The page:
Increase Your Employee Retention


Anissa Starnes, IOM, YGM Chief Impact Officer

The pandemic has changed our world in so many ways, and it has forever changed our workplaces. It is now an employee market. We are experiencing the “great re-evaluation” where employees are jumping to new jobs. People are re-evaluating their priorities and purpose. Chambers of Commerce are not immune to this, and it’s vital that we look at how to increase our employee retention.

it is more important than ever to remember the human beings working in your chamber. People truly are any organization’s best asset, and higher employee satisfaction is crucial for better engagement and employee retention. Just like we focus on retaining our members, we need to focus on retaining our employees.

People don’t leave jobs only to make more money. Sometimes they leave due to lack of work-life balance, poor management, poor workplace culture, or no clear direction of career path.

I offer some simple tips for cultivating a positive culture within your chamber.

1. Listen

When is the last time you sat down for a one-on-one with your team members?

Communication is crucial when it comes to a positive workplace environment. Ask your employees what their “why” is for working at the chamber. Ask them about their own dreams for their career path. You may find that they have an interest in working in another area in the organization and if you are able to provide professional development or cross-functional training, that may just keep them motivated and engaged.

Schedule a casual lunch or coffee with them and get to know them. Once you know them and understand them, you can better relate to them and help align their goals with the goals of the chamber.

2. Celebrate

Your team works hard. You know that. And now that our events “are back” and programming is busier than ever, we are likely moving at a rapid pace from program to program. Once you’ve wrapped up one successful event, make sure you take the time to celebrate the win. Too often, we jump straight to the next thing. Stop and savor the moment when your team has accomplished something.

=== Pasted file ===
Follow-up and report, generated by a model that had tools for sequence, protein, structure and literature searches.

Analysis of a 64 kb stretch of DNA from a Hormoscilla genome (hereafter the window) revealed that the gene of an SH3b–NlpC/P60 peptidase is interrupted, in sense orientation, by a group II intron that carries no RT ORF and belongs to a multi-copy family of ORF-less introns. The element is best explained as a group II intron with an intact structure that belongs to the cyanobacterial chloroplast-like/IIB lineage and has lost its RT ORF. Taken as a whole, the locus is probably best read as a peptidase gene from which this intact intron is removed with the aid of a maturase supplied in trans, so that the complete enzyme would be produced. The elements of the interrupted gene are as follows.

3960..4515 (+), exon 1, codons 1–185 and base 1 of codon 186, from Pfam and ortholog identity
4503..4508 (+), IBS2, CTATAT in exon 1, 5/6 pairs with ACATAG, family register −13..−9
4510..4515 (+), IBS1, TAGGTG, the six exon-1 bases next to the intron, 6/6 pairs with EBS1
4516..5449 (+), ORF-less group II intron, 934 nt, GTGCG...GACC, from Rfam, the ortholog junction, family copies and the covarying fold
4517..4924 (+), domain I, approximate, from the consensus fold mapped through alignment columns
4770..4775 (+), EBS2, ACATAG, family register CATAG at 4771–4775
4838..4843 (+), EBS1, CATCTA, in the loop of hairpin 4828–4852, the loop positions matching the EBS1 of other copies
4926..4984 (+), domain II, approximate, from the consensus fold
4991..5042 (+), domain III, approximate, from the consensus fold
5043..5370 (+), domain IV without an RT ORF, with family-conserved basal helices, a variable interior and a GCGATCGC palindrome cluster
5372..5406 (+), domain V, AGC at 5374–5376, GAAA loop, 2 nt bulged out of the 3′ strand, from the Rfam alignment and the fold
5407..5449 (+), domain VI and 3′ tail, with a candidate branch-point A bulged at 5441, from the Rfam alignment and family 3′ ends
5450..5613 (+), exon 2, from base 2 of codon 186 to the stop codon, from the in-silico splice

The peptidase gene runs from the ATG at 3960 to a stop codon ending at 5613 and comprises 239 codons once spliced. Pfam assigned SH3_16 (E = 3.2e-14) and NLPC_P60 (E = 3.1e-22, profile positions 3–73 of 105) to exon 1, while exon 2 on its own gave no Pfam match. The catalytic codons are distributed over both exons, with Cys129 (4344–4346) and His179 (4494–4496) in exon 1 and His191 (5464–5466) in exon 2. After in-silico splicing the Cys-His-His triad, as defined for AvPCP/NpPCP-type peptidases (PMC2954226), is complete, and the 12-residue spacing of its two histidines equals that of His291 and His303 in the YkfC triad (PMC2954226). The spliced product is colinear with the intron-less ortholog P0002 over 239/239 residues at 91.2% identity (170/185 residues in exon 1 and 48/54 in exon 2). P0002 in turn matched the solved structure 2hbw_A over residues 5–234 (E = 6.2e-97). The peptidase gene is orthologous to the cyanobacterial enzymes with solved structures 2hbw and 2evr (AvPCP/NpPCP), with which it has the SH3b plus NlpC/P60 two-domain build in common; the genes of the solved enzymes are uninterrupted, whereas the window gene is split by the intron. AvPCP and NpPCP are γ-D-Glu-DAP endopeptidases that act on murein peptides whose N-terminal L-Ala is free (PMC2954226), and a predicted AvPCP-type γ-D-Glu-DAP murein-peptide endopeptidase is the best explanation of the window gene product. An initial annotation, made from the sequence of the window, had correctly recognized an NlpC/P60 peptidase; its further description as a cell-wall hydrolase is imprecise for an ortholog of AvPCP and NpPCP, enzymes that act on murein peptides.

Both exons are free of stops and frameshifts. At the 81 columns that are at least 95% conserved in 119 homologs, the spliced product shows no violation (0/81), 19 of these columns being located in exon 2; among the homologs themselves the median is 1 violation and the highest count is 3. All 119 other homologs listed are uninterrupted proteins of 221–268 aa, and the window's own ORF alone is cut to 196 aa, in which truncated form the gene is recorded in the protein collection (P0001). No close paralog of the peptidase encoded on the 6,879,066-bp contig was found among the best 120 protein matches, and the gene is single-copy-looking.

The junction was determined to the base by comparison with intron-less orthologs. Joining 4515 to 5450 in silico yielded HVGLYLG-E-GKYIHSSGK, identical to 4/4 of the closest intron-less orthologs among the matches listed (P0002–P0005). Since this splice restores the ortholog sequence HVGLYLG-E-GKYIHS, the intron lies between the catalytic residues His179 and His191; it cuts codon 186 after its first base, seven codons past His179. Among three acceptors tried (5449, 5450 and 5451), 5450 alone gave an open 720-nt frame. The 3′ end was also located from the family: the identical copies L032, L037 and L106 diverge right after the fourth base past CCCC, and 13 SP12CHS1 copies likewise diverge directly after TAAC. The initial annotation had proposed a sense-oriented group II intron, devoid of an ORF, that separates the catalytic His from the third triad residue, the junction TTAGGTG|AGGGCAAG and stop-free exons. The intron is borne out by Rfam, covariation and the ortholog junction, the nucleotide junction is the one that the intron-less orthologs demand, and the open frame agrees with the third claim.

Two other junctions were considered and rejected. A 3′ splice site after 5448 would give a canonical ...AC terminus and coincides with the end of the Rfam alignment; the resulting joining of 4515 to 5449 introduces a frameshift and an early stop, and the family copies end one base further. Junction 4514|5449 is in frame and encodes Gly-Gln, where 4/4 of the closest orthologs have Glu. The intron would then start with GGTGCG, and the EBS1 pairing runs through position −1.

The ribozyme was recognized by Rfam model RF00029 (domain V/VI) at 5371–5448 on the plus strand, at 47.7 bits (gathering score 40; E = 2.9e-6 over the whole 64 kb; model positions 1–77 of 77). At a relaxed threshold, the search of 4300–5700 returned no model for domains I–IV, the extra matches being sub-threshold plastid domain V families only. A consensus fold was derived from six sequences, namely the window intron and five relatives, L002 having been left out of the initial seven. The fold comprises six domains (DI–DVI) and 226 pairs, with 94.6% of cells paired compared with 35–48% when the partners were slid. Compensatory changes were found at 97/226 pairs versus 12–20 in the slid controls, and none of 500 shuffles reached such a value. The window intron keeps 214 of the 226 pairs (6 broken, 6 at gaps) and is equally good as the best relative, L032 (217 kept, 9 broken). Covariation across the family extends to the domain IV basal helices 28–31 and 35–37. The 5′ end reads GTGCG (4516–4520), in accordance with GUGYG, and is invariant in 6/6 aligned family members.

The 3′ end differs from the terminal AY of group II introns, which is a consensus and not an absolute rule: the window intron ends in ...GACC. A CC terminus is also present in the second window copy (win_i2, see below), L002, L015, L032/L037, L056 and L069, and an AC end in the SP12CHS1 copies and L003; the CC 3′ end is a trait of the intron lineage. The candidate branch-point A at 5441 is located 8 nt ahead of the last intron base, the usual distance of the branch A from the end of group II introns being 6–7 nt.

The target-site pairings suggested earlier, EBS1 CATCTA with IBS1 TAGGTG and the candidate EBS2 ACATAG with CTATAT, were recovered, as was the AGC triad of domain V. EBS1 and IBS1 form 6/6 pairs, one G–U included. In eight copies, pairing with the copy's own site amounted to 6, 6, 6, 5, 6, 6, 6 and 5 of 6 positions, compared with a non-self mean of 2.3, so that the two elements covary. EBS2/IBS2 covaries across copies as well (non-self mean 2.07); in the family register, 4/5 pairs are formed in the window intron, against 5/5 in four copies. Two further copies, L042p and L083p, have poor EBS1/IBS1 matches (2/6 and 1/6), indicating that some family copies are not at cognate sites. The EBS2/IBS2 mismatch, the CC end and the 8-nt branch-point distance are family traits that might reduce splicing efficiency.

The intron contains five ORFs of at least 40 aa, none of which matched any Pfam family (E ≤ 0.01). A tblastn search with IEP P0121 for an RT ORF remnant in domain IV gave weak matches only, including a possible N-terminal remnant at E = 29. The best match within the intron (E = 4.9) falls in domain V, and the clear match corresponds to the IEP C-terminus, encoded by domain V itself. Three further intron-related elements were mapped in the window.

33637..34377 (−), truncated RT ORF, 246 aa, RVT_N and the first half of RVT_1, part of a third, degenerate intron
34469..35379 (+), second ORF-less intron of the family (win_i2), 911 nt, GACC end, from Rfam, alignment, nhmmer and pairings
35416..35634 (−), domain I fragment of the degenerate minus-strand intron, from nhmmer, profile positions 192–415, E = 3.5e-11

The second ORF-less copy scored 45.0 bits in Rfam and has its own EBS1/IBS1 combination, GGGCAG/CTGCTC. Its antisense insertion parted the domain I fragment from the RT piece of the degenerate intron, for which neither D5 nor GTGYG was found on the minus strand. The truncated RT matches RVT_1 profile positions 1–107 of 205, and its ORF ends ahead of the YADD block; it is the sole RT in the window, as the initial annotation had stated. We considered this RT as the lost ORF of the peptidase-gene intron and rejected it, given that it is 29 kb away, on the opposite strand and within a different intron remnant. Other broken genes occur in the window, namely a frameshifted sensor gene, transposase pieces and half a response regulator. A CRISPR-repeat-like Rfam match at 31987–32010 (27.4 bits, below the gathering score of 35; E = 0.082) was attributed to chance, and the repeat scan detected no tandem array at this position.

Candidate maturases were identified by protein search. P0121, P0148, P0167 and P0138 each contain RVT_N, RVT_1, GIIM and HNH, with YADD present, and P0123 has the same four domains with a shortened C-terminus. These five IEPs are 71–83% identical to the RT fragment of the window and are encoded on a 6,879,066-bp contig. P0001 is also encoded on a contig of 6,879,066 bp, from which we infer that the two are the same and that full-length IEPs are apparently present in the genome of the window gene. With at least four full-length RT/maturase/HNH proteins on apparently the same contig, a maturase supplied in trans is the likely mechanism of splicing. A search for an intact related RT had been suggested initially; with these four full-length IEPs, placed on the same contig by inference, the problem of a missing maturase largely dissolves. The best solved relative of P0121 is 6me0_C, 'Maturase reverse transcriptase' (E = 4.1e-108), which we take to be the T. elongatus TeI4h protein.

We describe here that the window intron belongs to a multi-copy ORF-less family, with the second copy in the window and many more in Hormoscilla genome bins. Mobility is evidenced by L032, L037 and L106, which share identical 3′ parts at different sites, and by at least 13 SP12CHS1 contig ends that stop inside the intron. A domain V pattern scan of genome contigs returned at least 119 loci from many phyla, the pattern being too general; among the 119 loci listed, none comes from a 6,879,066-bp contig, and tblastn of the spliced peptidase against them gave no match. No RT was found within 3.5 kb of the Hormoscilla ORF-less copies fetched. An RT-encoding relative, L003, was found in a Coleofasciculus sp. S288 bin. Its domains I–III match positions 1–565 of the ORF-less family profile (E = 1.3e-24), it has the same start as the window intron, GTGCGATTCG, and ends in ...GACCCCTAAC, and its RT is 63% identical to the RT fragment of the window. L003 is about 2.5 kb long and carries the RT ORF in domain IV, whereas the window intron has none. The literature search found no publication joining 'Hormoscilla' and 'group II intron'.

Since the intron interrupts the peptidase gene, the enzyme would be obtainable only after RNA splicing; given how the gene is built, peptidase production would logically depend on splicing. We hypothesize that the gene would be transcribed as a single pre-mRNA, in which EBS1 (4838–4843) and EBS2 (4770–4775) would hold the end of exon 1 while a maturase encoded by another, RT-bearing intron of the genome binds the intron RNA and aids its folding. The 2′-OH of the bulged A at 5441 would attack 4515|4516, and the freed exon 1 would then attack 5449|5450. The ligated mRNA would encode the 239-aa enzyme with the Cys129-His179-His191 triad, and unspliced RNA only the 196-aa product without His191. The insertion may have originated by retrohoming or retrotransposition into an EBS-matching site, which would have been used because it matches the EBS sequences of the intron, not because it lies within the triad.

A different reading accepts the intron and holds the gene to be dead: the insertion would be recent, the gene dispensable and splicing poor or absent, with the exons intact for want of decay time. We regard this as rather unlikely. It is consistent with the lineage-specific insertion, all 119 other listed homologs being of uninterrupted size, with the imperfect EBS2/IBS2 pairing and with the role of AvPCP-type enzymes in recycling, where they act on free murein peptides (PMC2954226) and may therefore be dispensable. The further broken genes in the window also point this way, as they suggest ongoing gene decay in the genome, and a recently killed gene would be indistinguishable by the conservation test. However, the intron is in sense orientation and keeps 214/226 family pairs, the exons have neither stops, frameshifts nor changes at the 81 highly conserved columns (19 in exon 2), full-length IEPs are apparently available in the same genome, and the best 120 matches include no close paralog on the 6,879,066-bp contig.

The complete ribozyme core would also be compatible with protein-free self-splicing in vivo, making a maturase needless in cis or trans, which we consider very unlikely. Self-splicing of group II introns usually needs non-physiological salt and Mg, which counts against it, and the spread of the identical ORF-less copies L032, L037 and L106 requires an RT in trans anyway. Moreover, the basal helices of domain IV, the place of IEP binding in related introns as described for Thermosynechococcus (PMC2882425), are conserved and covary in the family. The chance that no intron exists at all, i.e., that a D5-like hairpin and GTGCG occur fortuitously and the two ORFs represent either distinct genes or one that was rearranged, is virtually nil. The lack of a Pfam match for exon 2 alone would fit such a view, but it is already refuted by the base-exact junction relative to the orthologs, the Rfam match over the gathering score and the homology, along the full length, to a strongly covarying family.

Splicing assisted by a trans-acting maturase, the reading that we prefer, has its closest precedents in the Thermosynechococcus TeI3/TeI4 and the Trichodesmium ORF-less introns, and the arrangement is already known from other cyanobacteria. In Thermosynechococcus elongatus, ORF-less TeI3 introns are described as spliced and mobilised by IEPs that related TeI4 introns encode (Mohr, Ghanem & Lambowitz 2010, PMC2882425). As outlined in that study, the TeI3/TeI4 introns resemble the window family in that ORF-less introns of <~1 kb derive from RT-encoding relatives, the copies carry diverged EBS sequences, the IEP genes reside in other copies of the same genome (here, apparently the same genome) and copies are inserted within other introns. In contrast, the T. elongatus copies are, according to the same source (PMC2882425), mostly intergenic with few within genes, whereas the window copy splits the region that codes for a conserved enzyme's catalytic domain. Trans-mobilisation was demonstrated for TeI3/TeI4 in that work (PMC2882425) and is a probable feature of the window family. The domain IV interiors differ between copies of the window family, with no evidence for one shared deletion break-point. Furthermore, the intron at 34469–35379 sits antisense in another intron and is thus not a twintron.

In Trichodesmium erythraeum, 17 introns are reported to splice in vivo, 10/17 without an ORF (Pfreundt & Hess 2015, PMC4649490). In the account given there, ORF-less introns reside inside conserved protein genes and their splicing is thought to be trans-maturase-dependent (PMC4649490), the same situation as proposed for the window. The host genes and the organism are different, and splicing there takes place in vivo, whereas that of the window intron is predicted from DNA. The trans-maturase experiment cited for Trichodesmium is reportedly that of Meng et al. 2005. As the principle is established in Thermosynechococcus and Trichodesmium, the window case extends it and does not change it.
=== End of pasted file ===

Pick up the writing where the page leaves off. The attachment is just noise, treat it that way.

As soon as the event is over and the last banner is coming down, do not, I repeat, do NOT immediately offer your thoughts on what went wrong and how it can be improved next year.

Save it. I know it is tempting while it is fresh on your mind but make a note and bring it up in a debrief meeting after the celebration. It’s a huge downer to get constructive feedback while you are still at the event.

3. Appreciate

A little goes a long way. People want to know that they are making a difference on the team. Give credit where credit is due.

  • Write a handwritten note card to thank them for their efforts.
  • Offer a shout-out at the next staff or board meeting when they are present.
  • Give them a gift card to the local coffee shop (a chamber member, of course!)

Make sure that all team members are recognized on a regular basis for the great jobs they are doing. Recognize them for the small efforts and not just the big things. It’s the day-to-day grind that needs to be acknowledged, too, in the employee retention efforts.

4. Empathize

Some leaders are naturally more empathetic than others, but I believe that empathetic leadership can also be learned. Real connections and friendships at work DO matter, and empathetic leadership means a lot to your employees. Cultivate compassion among your team. Research shows that understanding, caring, and developing others, as a manager, is very important in employee retention.

Everyone we know is struggling with something, and there are days that the struggle may affect performance. Lead with authentic empathy and your employees will notice and appreciate it.

5. Be Flexible

Flexible working has overtaken salary as the top workplace benefit.

Research shows that 65% of employees in the US view flexible working as the most important factor when deciding to accept a new job offer. Flexibility can mean a lot of different things. This could mean flexible work hours, work from home options or condensed workweeks (4-day option) that would allow your employees different options as to when, where, and how they can complete their jobs.

Our industry has historically had a very traditional office culture, but the Covid shutdown showed us that we could work differently and still be very successful. For many, it’s hard to go back to the way it was before now. And it is not a one-size fits all. Some prefer the more traditional way of working so you must find out from each individual what works best for them and be open to creating a more fluid office.

Employees need to feel seen, heard, and appreciated. Those who feel a connection to the mission and are valued will have a higher sense of loyalty to the organization. Chambers are in the business of making a positive difference in communities. You need great people on the team to be able to do that. I hope these tips will help you with your employee retention.

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